By Susan Loyer, Home News and Tribune
PERTH AMBOY – It was lights out at Thursday night’s Board of Education meeting.
Parents, along with Mayor Wilda Diaz, gathered with school educators at the meeting in hopes of calling on the Board of Education to bargain a fair contract with the union representing the district’s staff.
But that all came to an abrupt halt when power to the high school, where the meeting was held, went out.
Educators have been working without a contract for a year, according to Perth Amboy Federation-AFT union President Patricia Paradiso, a third-grade teacher. The Perth Amboy Federation-AFT represents more than 1,400 educators.
Paradiso said the board is responsible for public funds and questioned the propriety of contracts for highly paid district personnel, such as Superintendent David Roman, with lower costs for health insurance than what educators pay.
“New contracts for Dr. Roman and district management were on the board agenda for the night,” she said. “Will they continue to offer management less expensive health insurance than they do for teachers and lower-paid district staff?”
Paradiso said said she would like to know the specifics of the new contracts for the superintendent and other administration.
Lebrault said he could not release specifics about Roman’s or the administration’s proposed contracts.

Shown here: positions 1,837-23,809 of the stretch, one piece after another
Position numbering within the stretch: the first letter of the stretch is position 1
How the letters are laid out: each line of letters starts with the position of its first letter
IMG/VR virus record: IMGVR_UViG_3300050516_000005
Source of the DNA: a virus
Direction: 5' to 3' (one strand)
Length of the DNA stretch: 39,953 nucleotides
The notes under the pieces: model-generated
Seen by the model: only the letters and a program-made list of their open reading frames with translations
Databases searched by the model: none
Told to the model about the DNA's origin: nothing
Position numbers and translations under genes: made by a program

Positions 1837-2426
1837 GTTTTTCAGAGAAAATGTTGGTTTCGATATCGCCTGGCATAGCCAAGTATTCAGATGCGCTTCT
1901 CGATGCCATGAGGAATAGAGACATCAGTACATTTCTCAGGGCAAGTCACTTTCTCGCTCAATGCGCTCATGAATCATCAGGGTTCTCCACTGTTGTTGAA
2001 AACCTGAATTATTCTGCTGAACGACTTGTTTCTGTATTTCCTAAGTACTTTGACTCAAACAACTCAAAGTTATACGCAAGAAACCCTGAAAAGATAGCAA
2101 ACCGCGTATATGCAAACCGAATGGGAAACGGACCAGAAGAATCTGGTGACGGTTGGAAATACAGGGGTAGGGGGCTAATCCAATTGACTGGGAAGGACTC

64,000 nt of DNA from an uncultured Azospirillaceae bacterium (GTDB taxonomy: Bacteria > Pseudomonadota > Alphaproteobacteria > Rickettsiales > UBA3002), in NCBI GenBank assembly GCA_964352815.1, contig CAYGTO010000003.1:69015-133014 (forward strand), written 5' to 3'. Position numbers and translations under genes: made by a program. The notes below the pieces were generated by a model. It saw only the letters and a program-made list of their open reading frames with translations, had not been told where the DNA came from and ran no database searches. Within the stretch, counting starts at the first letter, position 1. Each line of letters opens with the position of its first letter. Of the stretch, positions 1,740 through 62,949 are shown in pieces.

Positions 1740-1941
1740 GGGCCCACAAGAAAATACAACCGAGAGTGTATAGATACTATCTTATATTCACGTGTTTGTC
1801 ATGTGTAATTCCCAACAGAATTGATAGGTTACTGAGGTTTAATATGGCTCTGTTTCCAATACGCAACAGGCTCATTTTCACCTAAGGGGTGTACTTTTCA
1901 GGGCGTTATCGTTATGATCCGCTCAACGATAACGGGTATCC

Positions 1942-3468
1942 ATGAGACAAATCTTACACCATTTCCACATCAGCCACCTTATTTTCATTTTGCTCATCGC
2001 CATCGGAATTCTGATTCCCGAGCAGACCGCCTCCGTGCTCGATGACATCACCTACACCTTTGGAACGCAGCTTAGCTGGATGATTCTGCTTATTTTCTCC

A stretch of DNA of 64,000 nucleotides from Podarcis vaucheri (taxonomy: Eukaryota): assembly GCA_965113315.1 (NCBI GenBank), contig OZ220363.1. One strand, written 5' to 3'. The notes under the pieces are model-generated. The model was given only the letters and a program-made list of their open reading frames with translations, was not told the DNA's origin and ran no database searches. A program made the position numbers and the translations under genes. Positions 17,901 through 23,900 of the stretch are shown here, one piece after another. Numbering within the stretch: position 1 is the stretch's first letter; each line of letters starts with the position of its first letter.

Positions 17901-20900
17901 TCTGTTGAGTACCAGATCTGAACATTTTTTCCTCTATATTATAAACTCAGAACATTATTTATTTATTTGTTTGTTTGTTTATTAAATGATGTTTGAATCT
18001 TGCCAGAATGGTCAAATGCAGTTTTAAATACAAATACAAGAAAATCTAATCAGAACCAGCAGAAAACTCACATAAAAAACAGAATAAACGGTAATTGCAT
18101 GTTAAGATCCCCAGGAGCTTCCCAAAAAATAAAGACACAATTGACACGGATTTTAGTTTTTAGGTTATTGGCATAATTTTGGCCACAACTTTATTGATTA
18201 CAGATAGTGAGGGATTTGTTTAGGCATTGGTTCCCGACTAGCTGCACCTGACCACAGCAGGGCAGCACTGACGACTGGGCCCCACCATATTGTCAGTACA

He did say that every member of central administration must get their contract approved every year and that Roman’s contract involved only “a few changes.”
Roman came to the district in 2015. He has a four-year contact with an annual salary of $200,000, with no increases over the life of the contract, Lebreault said.
Although the superintendent pays 1.5 percent of his salary for benefits, “they have to realize that when we negotiated, he had to give up something,” the board president said.
“What he gave up I think is very big — no increases in his salary over the life of the contract,” Lebreault said. “They think that the rest of the central administration has a similar benefits package, but that is not true. We want to settle this, but we have to be fiscally responsible. We want to do what’s right for the entire district.”
Iram Shah is the vice president of the Shull Middle School Parent-Teacher Organization and the mother of a fifth-grader. Her older son graduated from Perth Amboy High School in 2015 and is in a pre-dentistry program at Rutgers.
“Parents are very supportive of the teachers because they know they are doing their best,” Shah said in a statement.
She pointed to large class sizes and comparatively high numbers of special-education and English language learners in the district as challenging factors for teachers to contend with.
Diaz has been meeting with teachers to plan educational programs and said some are “disheartened” by the board’s refusal to bargain with them, according to a statement from the union.
“The board is showing a lack of respect for the professionals who are teaching and caring for our children,” Diaz said in the statement.